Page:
The Higher Regional Court of Cologne recently had to decide upon a rather peculiar case that involved statements ‘made’ by Google’s search engine.
The plaintiff in this case was born in 1945 and was convicted by a German criminal court for attempted theft together with a gang in 1995. Because of earlier, similar convictions, he received a 7-year prison sentence with a subsequent preventive custody. The plaintiff was never charged or sentenced for sex offences.
While being held in preventive custody, the plaintiff brought a case against this practice to the European Court of Human Rights (ECHR), which ultimately led to a reform of the law on preventive custody in Germany and the release of the plaintiff from prison in 2011.
When searching for the full name of the plaintiff on Google.com or Google.de, the search results brought up the following combination of Title, URL and snippet:
Nicht-Therapierbarer Sextäter greift Mädchen an…
30.11.2010 – Der Beschwerdeführer, H, ist deutscher Staatsbürger, 1945 geboren, und derzeit in B in Sicherungsverwahrung
This roughly translates to:
incurable sex-offender attacks girl…
30.11.2010 – The Appellant, H [full name was here], is a German citizen, born in 1945, and currently in preventive custody in B.
The website that this search result linked to had nothing to do with the plaintiff. It was about a third person who indeed was a sex offender who had assaulted a girl after being released from preventive custody. However, in the comments section of this website, users engaged in a general discussion about preventive custody. One of the users posted a comment that referred to the plaintiff’s case before the ECHR and quoted another website that reported on this ECHR case. It was this quote that included the text: “The Appellant, H, is a German citizen, born in 1945, and currently in preventive custody in B.”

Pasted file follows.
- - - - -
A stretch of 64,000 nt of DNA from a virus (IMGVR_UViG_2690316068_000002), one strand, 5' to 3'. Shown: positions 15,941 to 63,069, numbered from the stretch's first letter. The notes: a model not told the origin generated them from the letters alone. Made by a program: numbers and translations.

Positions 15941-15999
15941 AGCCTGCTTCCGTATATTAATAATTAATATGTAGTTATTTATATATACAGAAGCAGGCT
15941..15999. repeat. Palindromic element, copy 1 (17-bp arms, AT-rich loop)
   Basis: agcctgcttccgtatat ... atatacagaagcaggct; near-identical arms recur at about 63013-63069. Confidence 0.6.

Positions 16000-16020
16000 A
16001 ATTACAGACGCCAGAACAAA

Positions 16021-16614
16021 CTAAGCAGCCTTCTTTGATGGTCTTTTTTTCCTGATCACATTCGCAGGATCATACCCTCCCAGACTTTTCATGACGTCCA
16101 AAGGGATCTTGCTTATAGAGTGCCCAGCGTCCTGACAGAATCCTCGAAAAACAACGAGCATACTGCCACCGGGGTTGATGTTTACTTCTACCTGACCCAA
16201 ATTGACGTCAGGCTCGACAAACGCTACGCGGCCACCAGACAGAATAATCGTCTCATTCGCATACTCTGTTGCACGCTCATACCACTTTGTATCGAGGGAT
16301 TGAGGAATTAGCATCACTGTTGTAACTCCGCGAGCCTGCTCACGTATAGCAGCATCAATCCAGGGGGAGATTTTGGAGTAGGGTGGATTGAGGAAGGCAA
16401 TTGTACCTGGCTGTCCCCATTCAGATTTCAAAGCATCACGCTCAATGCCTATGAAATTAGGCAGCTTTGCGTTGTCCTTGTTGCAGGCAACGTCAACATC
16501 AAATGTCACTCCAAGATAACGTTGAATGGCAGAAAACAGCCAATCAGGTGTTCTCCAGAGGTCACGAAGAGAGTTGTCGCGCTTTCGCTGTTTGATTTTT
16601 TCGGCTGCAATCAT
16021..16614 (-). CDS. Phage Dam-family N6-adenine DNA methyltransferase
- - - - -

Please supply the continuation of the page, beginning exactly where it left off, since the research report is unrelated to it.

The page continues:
So the anomaly of this case is that the actual website that Google’s search engine indexed did not contain anything that could be considered harmful with regards to the plaintiff’s personal rights. However, the combination of the search result’s title, the URL and the snippet created a sort of ‘new’ content that had a different message than the website that was indexed by Google.
Understandably, the plaintiff was not happy that the above result showed up when googling his name. He asked Google to remove the search result without success.